Call of Duty: World at War

We get our hands on the near-finished code. first, definitive verdict here...

Call of Duty: World At War has had a rough ride in the four small months it's been in the public eye. At first people were aghast at the fact the game was returning to WWII. Then they were horrified that Infinity Ward had given way to Treyarch as the game's developer. Then hands-on impressions started to filter in, slowly eroding the built-up cynicism and now there's a positive buzz of excitement about the game. So, what is it really like? We've played a sturdy preview version through to the end - one of the few people outside Activision to do so - and we're pleased to report: it's great.


The game starts with torture. You play an American soldier, captured during a raid on the Pacific island of Makin, and you're forced to watch as a Japanese interrogator puts his cigar out in your buddy's eye before slitting his throat. It may be slightly more graphic than the level near the start of CoD4 where you're forced to see through President Al Fulani's eyes as he's executed by Al Asad, but it has the same desperate feel. Mercifully it doesn't end badly for you this time.

As your captor looms he's cut down by a rescuing party of marines, lead by Sergeant Roebuck (voiced by Kiefer Sutherland). From then on it's classic Call of Duty all the way. The Makin level gives you a good taste of what to expect from the rest of the game. It has explosions, sneaky Japanese booby traps, and plenty of manly shouting. Thanks to the fact that this game runs on the Call of Duty 4 engine, the action is smooth, savage and glitch free. The clunkiness and drudgery of Treyarch's last effort, Call of Duty 3, seems a million miles away.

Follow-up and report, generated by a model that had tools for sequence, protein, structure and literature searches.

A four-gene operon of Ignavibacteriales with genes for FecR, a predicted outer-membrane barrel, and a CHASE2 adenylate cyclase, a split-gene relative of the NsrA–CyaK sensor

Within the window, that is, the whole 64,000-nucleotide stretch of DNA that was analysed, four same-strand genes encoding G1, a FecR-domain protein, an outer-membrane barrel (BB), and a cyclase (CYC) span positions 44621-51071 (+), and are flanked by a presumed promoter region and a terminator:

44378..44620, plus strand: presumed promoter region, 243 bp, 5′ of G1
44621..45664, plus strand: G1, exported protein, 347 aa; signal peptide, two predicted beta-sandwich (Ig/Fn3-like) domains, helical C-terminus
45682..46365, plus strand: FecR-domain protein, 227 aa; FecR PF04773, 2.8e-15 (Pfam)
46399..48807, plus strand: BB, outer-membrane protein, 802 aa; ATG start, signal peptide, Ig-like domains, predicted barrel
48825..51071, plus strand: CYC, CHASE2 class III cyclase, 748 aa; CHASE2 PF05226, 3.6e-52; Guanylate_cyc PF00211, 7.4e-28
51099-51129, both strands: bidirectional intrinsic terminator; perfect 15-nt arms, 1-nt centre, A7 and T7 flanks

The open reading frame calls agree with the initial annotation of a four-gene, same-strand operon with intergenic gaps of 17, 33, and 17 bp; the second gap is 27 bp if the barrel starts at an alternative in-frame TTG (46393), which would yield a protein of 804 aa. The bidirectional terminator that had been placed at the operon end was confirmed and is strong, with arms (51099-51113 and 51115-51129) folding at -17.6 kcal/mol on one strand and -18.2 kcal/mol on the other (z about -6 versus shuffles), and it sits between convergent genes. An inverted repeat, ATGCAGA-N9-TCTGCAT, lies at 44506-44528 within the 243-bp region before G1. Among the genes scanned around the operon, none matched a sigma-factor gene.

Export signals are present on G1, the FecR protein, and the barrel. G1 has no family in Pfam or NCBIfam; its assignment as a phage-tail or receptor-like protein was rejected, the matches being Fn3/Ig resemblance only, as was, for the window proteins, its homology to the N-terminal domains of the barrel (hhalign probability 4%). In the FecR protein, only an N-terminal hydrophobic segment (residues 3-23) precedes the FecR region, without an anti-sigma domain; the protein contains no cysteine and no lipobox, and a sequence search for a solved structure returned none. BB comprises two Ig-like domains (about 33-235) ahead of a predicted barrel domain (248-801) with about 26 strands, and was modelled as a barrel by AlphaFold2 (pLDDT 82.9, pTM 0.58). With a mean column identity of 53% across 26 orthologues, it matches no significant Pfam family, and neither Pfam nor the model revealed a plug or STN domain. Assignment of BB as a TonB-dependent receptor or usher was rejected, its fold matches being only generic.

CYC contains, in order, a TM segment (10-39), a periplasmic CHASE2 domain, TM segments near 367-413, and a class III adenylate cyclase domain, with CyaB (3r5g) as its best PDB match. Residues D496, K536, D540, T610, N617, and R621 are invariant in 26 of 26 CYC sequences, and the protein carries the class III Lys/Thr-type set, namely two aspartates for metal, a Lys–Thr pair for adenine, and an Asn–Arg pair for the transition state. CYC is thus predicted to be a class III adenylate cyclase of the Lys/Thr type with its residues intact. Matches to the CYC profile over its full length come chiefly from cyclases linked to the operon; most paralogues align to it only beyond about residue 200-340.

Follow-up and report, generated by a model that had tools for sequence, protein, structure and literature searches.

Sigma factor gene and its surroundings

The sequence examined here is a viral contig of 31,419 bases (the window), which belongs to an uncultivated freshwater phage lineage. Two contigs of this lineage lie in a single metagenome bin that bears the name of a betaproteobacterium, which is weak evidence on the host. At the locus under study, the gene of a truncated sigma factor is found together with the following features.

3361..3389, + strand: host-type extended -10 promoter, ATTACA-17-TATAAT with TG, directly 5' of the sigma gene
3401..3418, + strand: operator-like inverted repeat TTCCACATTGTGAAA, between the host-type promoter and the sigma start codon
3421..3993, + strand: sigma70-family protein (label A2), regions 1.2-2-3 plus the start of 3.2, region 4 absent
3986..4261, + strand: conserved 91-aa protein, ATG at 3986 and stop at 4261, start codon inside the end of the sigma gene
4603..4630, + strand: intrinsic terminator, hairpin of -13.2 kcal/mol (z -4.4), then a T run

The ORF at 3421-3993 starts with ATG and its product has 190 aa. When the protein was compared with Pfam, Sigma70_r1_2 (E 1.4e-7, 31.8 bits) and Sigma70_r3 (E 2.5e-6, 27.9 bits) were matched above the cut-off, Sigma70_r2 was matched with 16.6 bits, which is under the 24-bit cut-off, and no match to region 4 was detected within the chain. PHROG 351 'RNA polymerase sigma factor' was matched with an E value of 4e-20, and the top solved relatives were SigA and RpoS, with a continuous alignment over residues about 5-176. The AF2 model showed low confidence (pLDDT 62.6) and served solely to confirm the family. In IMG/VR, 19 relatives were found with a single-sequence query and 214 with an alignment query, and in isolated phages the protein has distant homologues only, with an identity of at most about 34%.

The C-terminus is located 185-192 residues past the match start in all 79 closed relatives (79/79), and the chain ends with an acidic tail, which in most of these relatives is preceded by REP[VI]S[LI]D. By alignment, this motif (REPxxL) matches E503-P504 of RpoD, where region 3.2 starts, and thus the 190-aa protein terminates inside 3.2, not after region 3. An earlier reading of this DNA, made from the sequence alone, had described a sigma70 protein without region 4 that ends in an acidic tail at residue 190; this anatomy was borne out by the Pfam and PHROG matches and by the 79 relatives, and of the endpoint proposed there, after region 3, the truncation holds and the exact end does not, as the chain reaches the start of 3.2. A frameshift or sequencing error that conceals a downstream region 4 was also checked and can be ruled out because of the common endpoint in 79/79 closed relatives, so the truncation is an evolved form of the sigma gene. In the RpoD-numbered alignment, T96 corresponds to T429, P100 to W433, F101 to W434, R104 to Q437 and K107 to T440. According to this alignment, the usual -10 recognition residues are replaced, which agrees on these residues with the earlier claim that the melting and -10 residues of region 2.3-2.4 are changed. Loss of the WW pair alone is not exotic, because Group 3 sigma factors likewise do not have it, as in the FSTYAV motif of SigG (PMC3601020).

This alone should be all you need to know about the game. Anything that takes the slick combat of what has been universally accepted as the best war shooter of 2007 (Modern Warfare), and dresses it up in a new and interesting setting gets two thumbs up from us. However, there are moments in World At War where the game comes into its own, and dare we say it, even possibly outstrips its predecessor.

The flamethrower is an obvious and well-publicised example of how Treyarch has added its own personal touch to the Call of Duty series. It's a phenomenal weapon, and is bound to be highly coveted in multiplayer and co-op. What really impresses us, though, is the way it's been balanced to ensure it doesn't totally ruin the rest of the game. You can't go prone with a flamethrower, so you're always vulnerable to sniper fire and stray bullets. Take one in the propane tank and you'll die in a messy ball of highly painful flames. A grenade going off nearby? Again, you're toast.


Another way World At War departs from the traditional Call of Duty formula is the way it adds moral ambiguity to the game. There has never been any doubt in previous war titles that you're the hero. You shoot Nazis, you win the war, everyone is happy. In the Russian campaign you're taking the fight to Berlin with a very angry bunch of Red Army recruits.

These guys have had their friends and family massacred, their country plundered by the German war machine a couple of years earlier, and now they're thirsty for payback. At the beginning of one level you see your comrades execute a surrendered German officer, and another whispers in your ear "This is not war. This is murder." At the end of the same stage, after a breathtaking tank charge through the streets of Berlin, with rain sheeting down and lightning flashing above, you find a group of three Nazis trying to surrender in a subway tunnel. Do you burn them with a Molatov cocktail, or let them live? It adds a distinct emotional edge that stays with you long after you put the pad down and switch of the 360.

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